THE resignation of Richard Leonard may have been a surprise, given that it is a few short months since he insisted he would fight any challenge to his leadership of Scottish Labour. But his belated decision that his position had become “a distraction” and that “it is in the best interests of the party” that he step aside is the correct one, though Labour now has the unenviable task of finding a new leader, direction and sense of purpose in the run-up to the Holyrood elections.

It may be argued that Mr Leonard stepped into unpromising political territory three years ago, that he was hamstrung by division in his own ranks, public perception of the leadership south of the border and by overarching political narratives largely outwith his control – Brexit, the way in which that in turn revived arguments for independence, and latterly the pandemic. Few who encountered him, including his opponents, doubted his fundamental decency.

But the fact remains that he failed to make an impact, either with the public, where his personal recognition was absurdly low, or on his party’s policies and tactics. In the last analysis, the task of any political leader is to win, and Labour’s numbers tell a dismal story.

The party, utterly dominant for the whole of the second half of the 20th century, has not only been overtaken by the Conservatives as the main opposition to the SNP Government, but on some polling attracts not much more than half of the support of the Tories. On the best showing, it is in the mid-teens, with the Government well over 50 per cent. In the European elections last May, Labour came fifth.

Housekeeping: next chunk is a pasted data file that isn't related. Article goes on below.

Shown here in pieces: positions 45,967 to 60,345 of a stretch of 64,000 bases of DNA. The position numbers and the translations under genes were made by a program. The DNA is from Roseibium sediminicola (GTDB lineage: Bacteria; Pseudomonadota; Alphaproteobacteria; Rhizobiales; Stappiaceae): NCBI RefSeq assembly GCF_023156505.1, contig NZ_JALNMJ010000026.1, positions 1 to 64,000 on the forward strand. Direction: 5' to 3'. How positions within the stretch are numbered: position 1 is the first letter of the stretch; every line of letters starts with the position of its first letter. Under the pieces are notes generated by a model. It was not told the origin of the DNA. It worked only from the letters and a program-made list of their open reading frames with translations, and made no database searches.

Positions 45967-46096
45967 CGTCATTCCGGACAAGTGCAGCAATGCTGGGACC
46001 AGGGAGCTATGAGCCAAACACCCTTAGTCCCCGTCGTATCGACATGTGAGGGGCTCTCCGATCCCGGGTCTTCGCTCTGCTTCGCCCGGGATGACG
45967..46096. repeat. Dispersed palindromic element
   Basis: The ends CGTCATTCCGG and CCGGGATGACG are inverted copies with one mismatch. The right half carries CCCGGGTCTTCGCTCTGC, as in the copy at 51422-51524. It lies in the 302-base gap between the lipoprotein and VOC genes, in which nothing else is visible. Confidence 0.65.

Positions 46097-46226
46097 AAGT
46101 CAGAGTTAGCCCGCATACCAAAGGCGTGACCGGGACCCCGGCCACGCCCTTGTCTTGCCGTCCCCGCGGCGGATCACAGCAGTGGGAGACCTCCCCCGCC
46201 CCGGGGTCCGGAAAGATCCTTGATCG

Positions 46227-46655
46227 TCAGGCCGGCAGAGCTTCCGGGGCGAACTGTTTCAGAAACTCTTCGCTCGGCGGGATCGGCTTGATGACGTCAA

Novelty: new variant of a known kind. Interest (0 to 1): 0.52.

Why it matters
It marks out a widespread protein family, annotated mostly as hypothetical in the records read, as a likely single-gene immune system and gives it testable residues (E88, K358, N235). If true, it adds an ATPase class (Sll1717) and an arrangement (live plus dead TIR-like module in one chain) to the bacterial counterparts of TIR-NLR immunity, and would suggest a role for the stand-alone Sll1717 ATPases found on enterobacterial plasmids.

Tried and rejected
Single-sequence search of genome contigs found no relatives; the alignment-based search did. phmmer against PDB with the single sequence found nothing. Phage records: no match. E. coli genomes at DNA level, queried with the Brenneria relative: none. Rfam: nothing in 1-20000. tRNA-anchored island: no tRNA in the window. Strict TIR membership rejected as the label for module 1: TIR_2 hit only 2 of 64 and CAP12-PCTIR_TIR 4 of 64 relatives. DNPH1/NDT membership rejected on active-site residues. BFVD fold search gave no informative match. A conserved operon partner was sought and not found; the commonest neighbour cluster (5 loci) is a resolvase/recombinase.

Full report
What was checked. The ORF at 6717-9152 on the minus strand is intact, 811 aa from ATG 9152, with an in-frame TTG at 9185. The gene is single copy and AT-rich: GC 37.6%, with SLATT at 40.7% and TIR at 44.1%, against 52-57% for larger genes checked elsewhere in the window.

It is not just that a position this bad would have been unthinkable within fairly recent memory. It is the best the party can do against a Government that has been in power for more than 13 years – a period longer than the premierships of Margaret Thatcher or Tony Blair – and when, even allowing for the SNP as a special case, any administration should expect widespread fatigue from voters, and spirited challenges to its record in office.

On the evidence of the polling and policies voters tend to favour, there ought to be, if not an outright majority, a very sizeable constituency for a moderately left-of-centre, social democratic party amongst Unionists, and even those flexible or agnostic on Scotland’s constitutional settlement. Labour should be monopolising that part of the electorate: the evidence is that it is hardly even appealing to it.

This is a huge problem for the party, but it is hardly less alarming for the general health of Scottish political discourse. Even the SNP’s admirers should expect that, after so long in office, their record be robustly tested. Deflecting awkward questions by criticising Westminster, when so many areas are devolved to Holyrood control, is something opposition parties should not let the Government get away with. There is no shortage of issues, from drugs policy to health to education to the state of the roads, that have a direct effect on the lives of Scottish voters, and where the Government’s record bears scrutiny and rigorous challenge.

Labour ought to be doing so. And it should be offering an alternative programme that, all things considered, might more readily chime with the Scottish electorate than that offered by the Conservatives. The Tories may have a natural ceiling of support, and be hampered by antipathy to their party’s policies at Westminster from Scottish voters: Labour has no such excuse.

If the SNP, understandably, likes to concentrate on the abstract potential benefits of independence, their opposition should be avoiding that ground; at best a distraction and at worst a trap. Instead, they should be drilling down on the realities of the Government’s record in office and the effects of its policies on voters’ everyday lives. It is the obvious tactical position, and one that should offer huge scope for Labour to rebuild and prosper. But it will require realism, leadership, and a concentration on robust challenges and practical alternatives – so far in short supply.